The forcible capture and removal of wild elephants from their home ranges and social groups is archaic and unethical. Elephants adapt poorly to life in captive facilities where they have shorter lifespans and abnormal repetitive behaviours and chronic (and ultimately lethal) foot and joint disorders are prevalent.4 Infectious diseases such as tuberculosis5 and other emerging illnesses are going unchecked and taking a serious toll on elephants.
Furthermore, the removal of young elephants from their families in the wild increases the risk of the remaining adult elephants becoming more aggressive towards innocent citizens they may encounter later.
1 Singh V. (2016) Central Zoo Authority: no more wild animals in circuses, says Central Zoo Authority, Times of India, 7 Dec 2016. Available: http://timesofindia.indiatimes.com/city/mumbai/no-more-wild-animals-in-circuses-sayscentralzooauthority/articleshow/55858347.cms. Accessed 17 Jan 2017 2 Rizzolo J.B.; Bradshaw G.A. (2016) Prevalence and patterns of complex PTSD in Asian elephants (Elephas maximus). Centre for Asian Studies, University of Kelaniya; Kelaniya, Sri Lanka, pp. 291–297 3 Bradshaw G.A.; Lindner L. (2009) Post-traumatic Stress and Elephants in Captivity. Available: https://pdfs. semanticscholar.org/b5b9/4307d6f45747fdccfb82dc 5a69df71d02658.pdf 4 Clubb R.; Rowcliffe, M.; Lee P.; Mar K.U.; Moss C.; Mason G.J. (2008) Compromised survivorship in zoo elephants, Science 322: 1649–1649 5 Michalak, K.; Austin, C.; Diesel, S.; Bacon, M.J.; Zimmerman, P.; Maslow, J.N. (1998) Mycobacterium tuberculosis infection as a zoonotic disease: transmission between humans and elephants. Emerg Infect Dis. 4: 283
In February, India will host the 13th meeting of the Conference of the Parties to the Convention on Migratory Species (CMS, COP 13), where it will seek the strictest protections for Asian elephants. Goals of the COP include prohibiting the killing or capture of elephants and to gain control of the illegal trade in live elephants. The four young elephants, who very likely were wild born, are emblematic of these very problems and we fully expect their plight to be raised by delegates attending this event. The world looks to India as a leader in the protection and conservation of Asian elephants. Should the transfer of the four young elephants go forward, it is sure to tarnish the country’s image in the eyes of the world. By sparing these elephants, India aligns itself with the global trend toward greater protections for elephants and away from intensive commercial exploitation, including public interactions.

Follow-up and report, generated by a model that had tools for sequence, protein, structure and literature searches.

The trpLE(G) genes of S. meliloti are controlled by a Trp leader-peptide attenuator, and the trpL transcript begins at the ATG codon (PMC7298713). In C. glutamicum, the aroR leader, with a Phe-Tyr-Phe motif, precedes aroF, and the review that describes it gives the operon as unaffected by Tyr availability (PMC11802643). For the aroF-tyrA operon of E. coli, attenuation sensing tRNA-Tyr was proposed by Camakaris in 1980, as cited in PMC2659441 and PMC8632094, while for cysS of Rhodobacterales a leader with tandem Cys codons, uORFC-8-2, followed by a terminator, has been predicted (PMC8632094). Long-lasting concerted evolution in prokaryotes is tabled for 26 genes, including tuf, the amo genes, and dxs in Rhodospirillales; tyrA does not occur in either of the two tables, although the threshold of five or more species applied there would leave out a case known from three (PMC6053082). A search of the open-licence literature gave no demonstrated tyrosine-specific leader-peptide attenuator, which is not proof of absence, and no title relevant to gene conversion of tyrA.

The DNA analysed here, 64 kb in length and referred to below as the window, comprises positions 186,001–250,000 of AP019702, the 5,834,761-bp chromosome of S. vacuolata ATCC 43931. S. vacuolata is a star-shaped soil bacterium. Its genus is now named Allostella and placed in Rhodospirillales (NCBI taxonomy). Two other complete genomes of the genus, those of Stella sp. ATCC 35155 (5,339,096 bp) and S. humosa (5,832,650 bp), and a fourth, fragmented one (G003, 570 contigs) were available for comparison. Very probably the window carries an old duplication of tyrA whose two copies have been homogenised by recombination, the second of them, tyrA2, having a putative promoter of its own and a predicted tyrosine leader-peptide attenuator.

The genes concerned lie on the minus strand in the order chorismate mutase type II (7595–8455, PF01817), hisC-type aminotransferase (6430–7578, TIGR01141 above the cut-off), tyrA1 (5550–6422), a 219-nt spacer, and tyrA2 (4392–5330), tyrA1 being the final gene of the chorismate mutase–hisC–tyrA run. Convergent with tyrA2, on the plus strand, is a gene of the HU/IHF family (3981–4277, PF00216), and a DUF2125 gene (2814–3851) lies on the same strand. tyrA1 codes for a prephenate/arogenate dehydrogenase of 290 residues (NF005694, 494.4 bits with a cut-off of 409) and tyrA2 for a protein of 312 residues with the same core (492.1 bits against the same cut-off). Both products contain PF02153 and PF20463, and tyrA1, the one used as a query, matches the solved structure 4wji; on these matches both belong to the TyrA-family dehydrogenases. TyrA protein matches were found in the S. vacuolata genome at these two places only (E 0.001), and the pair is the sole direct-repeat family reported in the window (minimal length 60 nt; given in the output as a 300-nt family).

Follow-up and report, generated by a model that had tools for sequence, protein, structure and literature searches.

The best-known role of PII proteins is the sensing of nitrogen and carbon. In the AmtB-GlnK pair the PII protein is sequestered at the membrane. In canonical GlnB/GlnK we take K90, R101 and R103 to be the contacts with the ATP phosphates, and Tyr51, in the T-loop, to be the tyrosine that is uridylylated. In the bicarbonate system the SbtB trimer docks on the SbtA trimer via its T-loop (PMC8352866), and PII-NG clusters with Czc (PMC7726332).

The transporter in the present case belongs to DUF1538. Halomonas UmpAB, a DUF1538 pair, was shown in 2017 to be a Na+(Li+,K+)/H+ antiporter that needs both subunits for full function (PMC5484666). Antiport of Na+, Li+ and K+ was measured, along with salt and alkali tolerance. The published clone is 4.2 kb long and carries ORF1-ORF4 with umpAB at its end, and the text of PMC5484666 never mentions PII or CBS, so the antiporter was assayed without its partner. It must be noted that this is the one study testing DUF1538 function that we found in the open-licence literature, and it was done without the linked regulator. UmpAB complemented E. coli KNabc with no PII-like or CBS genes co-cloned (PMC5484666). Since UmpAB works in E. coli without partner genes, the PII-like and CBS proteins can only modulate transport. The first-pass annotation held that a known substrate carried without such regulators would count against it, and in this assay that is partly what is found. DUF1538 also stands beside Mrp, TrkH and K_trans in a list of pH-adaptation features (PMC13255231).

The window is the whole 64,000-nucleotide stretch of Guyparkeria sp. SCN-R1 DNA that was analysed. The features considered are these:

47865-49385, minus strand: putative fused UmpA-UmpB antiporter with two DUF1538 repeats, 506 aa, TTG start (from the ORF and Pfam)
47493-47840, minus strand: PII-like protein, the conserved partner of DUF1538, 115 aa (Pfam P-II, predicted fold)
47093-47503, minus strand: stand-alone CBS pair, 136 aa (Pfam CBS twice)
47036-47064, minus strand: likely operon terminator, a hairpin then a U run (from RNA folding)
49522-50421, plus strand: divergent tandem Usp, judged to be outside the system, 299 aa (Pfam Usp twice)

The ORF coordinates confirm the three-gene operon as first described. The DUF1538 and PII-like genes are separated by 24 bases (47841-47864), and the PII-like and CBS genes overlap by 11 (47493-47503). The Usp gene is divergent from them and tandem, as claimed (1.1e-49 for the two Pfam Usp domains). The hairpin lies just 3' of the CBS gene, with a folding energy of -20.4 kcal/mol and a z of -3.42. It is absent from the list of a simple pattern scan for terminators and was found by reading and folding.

We respectfully urge you to take immediate action to stop the transfer of Rupsing, Joymati, Babulal and Rani and spare them a lifetime of misery.
These elephants should be rehabilitated at one of the Forest Department Elephant Camps in Assam where they would have free access to conspecifics and a natural forest environment. In doing so, you would grant them a far superior life – one that could never be matched in the unnatural, restricted conditions of a captive institution.
We appreciate your serious consideration of this letter. Yours sincerely,
1. Penny Banham Conservation Project Officer, Born Free Foundation UK
2. Dr Brett Bard Veterinarian, South Africa